|MadSci Network: Other|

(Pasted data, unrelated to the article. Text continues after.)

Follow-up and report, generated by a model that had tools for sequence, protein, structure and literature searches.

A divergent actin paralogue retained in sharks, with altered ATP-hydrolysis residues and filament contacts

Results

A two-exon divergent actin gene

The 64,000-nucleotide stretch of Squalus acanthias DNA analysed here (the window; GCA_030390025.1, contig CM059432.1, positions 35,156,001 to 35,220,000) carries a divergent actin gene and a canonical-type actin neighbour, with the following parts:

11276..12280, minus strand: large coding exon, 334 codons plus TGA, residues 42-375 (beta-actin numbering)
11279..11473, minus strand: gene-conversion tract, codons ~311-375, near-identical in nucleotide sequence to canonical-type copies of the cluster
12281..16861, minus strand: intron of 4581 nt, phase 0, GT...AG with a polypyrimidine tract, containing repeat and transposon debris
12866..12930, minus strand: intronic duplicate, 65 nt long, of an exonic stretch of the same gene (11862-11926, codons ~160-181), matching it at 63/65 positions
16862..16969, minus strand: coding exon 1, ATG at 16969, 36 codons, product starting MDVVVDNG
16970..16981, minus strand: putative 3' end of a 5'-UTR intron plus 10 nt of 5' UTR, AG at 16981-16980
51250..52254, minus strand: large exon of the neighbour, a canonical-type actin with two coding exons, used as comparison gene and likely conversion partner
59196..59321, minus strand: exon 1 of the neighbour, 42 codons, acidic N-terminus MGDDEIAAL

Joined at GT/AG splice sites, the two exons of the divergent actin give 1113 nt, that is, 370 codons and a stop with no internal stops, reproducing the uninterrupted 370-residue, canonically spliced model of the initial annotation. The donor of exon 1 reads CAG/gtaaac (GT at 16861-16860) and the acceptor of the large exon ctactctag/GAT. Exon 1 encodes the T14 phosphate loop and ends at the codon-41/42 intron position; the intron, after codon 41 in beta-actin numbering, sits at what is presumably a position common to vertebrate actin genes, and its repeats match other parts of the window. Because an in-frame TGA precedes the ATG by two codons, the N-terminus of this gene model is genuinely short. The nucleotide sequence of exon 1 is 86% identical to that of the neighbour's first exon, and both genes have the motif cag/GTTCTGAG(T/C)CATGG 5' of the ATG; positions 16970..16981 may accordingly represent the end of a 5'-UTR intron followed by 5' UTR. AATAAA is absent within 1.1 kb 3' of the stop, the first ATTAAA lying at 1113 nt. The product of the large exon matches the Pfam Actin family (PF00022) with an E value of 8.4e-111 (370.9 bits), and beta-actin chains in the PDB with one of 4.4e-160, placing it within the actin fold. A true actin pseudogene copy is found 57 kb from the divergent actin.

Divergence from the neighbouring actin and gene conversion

Dear Sarah, I'm not surprised your K-3 students are a bit confused by pitch. The definition of pitch is quite hotly debated among scientists who study hearing. In general though, pitch varies with frequency. When one blows across the top of a pop bottle partially filled with water, pressure waves of air are created inside the bottle. The pressure waves vibrate at a certain frequency (i.e., they go through cycles of high and low pressure a particular number of times per second -- high frequencies cycle faster than low). The frequency depends upon the shape of the bottle, which can be varied by changing the water level. In general, for longer bottles and for less water, the air pressure waves will vibrate at higher frequencies. The frequency of air pressure vibration is a physical occurrence that can be measured. Pitch, however, is a psychological term for how our ears and brain interprets those frequencies. Pitch is not exactly the same thing as frequency. However, generally speaking, higher frequencies are heard as higher-pitched than lower frequencies. The relationship between the frequency and pitch isn't perfect (which gives scientists lots to argue about), but it is close enough to be taught in general terms. If I can answer more question you might have, please feel free to email me directly email@example.com. Lori Holt Administrator's note: If my memory is correct, the volume of a bottle is the key factor in the frequency that it will produce. You might want to do an experiment to see if a long thin bottle will sound the same as a fat bottle of the same length. Experiments are good for the growing scientific mind. David Winsemius
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